Sunday, 28 August 2011


Here, it is August Bank Holiday and there is revelry and happiness in the streets all across Britain, with the beauty of the Notting Hill Carnival and the air of multi-culturalism throughout the land. This is how it should be. Inclusive of all peoples, races, genders and persuasions.

We have a newfound confidence too, in dealing with corruption and down facing those who would seek to exploit and to blackmail. As a democratic people we are going about that in an orderly, albeit sometimes, hazardous fashion, but hey ho, we get there in the end.

In Libya, as I have said so many times in these dispatches, the democratic freedoms that we take for granted, others have paid the highest price - their lives.

As the BBC goes about its business reporting to us all just what is going on in Tripoli and Libya generally, the terrifying reality of mass executions, of people being gunned down where they stand, of up to 50,000 prisoners unaccounted for, and the realisation that a tyrant who gave himself an army rank, not only used his country's wealth to build himself palaces, but more ominously underground tunnels and compounds and prisons.

The problem, one of many, that the new Libyan Government faces is pinpointing these underground sites. Furthermore, in time to prevent those incarcerated also losing their lives.

There is much pressure upon the new government to deal with 'unfinished business' in the form of the Lockerbie Bombing. Let us ease up on this. Neither the US or UK Governments are requesting the return of the convicted terrorist. He was lawfully tried, convicted and sentenced to life imprisonment. The Scottish Parliament exercised its humanitarian powers and allowed the man to return to Libya. That is that. That he is still alive 2 years after he had been expected to live for only 3 months is neither here nor there. The requests or demands for his return and retrial come from organisations, not governments. And the Libyan Government should not have to worry about being pressured on this.

Conversely, there should be no negotiation at all about bringing Gadaffi before the International Criminal Court. He must be tried for crimes against humanity, and I suspect he will receive a far fairer trial than any he would give to any who opposed him during his tyranny. But as with all despots, his days are numbered. For his own sake, I pray that when he is found, that the international media are also present, as well as observers, to safeguard him.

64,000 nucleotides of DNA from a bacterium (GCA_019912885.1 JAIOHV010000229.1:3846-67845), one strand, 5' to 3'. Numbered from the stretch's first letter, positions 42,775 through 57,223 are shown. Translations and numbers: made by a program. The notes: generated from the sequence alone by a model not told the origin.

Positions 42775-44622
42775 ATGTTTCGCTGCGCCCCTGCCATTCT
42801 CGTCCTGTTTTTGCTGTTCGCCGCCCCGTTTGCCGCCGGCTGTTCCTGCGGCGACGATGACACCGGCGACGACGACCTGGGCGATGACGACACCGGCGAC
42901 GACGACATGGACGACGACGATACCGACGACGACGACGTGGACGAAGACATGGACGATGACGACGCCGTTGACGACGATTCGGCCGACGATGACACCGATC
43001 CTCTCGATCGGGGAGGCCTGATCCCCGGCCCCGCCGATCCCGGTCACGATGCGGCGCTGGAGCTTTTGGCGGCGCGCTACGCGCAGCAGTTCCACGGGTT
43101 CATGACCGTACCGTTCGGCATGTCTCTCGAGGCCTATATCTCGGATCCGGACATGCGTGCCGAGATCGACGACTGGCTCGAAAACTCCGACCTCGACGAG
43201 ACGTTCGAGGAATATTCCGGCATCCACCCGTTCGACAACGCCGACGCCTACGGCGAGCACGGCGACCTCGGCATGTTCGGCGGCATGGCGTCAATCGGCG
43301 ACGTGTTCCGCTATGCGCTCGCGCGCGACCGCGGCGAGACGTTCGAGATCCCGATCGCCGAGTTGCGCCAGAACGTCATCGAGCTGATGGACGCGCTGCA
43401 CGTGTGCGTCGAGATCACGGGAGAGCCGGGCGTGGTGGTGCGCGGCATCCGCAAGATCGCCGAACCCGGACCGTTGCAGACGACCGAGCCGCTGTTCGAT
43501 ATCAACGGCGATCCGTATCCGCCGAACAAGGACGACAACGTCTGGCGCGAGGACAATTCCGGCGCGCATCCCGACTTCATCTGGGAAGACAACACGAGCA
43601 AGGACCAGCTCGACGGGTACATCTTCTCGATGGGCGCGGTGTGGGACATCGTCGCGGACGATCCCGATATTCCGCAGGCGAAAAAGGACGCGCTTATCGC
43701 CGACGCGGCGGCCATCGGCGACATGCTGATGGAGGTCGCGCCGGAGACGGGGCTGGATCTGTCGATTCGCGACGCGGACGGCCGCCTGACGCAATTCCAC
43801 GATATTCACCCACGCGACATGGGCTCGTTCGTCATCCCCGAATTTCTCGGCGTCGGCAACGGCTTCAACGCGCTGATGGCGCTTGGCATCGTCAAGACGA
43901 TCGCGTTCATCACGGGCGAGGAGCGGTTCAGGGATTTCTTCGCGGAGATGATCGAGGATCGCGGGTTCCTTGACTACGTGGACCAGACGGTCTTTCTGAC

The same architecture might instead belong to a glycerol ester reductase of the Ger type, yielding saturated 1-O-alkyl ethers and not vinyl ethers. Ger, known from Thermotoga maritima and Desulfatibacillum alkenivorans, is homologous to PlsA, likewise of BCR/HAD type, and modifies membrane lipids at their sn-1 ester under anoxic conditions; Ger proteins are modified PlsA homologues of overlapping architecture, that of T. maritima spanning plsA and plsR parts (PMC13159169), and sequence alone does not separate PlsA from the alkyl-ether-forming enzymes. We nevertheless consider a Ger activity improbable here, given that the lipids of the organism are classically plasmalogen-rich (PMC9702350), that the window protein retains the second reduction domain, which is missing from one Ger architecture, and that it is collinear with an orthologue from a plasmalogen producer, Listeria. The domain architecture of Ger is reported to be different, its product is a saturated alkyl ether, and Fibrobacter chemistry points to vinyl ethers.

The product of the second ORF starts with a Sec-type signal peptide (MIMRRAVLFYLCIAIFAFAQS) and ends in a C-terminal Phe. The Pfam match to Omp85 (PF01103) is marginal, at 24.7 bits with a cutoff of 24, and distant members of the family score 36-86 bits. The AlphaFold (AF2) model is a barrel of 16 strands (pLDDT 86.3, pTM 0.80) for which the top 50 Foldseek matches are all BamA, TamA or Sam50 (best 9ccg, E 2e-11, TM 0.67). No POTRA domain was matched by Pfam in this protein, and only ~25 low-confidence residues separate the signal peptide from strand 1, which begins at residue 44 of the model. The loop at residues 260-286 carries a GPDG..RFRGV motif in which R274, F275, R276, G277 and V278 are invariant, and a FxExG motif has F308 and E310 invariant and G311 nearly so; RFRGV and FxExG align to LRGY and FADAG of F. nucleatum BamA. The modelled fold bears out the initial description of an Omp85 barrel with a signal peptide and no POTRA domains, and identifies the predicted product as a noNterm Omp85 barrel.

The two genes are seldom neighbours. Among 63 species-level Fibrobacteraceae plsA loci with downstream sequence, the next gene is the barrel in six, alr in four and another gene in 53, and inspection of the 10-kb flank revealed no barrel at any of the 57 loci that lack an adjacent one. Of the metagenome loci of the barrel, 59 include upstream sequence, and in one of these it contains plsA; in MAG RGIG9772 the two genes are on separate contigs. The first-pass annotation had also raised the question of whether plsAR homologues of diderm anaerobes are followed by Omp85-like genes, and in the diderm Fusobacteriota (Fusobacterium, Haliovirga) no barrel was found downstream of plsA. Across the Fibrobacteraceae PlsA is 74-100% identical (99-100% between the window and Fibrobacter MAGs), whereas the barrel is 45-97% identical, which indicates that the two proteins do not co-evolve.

There must be no room for summary justice. An emerging democratic people must remember this, for in so doing, they will earn the respect and admiration of all peace loving people, and that in turn will lead to greater immediate aid being given to the Libyan People.

Ian Bradley Marshall

Monday, 22 August 2011


As I write this, the Prime Minister has just made a statement from outside Number Ten, and all of us can clearly see that the Gadaffi Regime swiftly but violently comes to an end.

For me, the important and crucial part of the PM's statement was his expression of gratitude to the British Military. Our Armed Forces and supporting services have excelled themselves, and continue to do so in spite of defence cuts that put ever greater stresses and strains upon them to still perform at their best and more.

Let us never overlook the vital role that our Armed Forces carry out in maintaining peace and good order and facing down tyranny in any part of the world in which it rears its ugly head.

Let us also pray that Colonel Gadaffi, even at this eleventh hour, when his remaining sons have now been placed under arrest, will step down and relinquish what remaining presidential powers he has.

People have a right to live in peace and harmony. They have the right to live their lives openly. These factors are taken for granted in the West because we have had them for so long. But history recalls that these freedoms came at a great price.

It is for the peace loving nations of the world always to step forward in support of those nations yearning for peace and openness under dictatorships. It is an international duty that is enshrined within the Constitution of the United Nations and the whole purpose of the North Atlantic Treaty Organisation (NATO).

Let us now do all we can to assist the Libyan People.